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No Instagram account is more entertaining, more dumbfounding, and more terrifying than that of Chechen President Ramzan Kadyrov. On any given day, one is guaranteed to see video clips ranging from Kadyrov praying before dawn in the Akhmad Kadyrov Mosque to playing soccer at the FC Terek facilities (Kadyrov was the President of FC Terek from 2004 to 2011) to speaking to visibly shaken construction employees at delayed project sites. Kadyrov's Instagram account is a vivid reminder that his control of Chechnya is absolute and unparalleled among the heads of state in Russia's twenty-two republics. Recent developments in eastern Ukraine suggest that Kadyrov's power is increasingly unrestricted; the involvement of his personal security guard—officially called the Security Service of Akhmat Kadyrov—in Crimea and the Donbas is case and point.

The involvement of Chechen soldiers fighting in eastern Ukraine devoutly loyal to Kadyrov has broad implications for Kremlin policy. Not only does it reinforce Moscow's reliance on "informal paramilitary-style forces" that shift blame for controversial operations away from the Kremlin, it also provides an example as to how Russian President Vladimir Putin may use Kadyrov to solidify his own power.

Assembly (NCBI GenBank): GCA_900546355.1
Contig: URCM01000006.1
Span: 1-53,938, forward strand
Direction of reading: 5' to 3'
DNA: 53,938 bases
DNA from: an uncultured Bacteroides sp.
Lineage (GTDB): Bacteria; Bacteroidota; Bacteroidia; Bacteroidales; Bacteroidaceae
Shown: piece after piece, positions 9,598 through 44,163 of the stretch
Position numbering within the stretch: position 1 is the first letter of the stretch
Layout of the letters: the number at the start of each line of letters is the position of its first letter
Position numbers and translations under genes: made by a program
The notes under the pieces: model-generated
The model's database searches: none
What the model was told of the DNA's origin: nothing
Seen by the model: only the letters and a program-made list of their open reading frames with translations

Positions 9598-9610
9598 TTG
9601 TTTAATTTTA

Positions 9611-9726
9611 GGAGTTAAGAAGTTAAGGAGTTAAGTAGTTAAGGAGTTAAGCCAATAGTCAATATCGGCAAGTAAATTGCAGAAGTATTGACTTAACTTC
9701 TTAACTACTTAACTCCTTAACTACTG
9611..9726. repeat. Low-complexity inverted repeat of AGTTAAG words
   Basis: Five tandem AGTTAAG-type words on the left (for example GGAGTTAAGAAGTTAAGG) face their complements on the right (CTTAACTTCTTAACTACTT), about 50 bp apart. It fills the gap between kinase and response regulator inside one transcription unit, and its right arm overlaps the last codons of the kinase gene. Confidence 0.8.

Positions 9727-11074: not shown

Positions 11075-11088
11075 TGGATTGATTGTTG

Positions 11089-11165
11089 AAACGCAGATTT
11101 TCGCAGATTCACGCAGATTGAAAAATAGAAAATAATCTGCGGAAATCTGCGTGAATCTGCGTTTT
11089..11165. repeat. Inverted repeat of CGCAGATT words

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Ukraine's system of agricultural production is paternalistic, dating back to the Soviet era, when bureaucrats constantly intruded into the production process. Such a strategy may have suited the planned economy, but in Ukraine's market economy it has only spawned widespread corruption, because authorities cannot inspect every farm and business in person. EU standards allow producers more leeway in this regard, but this implies more responsibilities. So even though inspections continue, the regulatory agencies' job is to check quality and standards—not meddle with the production process. Taras Kachka, former acting President of the American Chamber of Commerce in Ukraine, expressed optimism over the prospects for Ukrainian agriculture after the implementation of the Deep and Comprehensive Free Trade Area (DCFTA) between Ukraine and the European Union in a 2014 TV interview—noting that despite tremendous differences in production standards, Ukrainian legislation is catching up to the EU.

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On July 29, Russia vetoed a draft UN resolution seeking to set up a tribunal to prosecute those responsible for shooting down a Malaysia Airlines jumbo jet more than a year ago.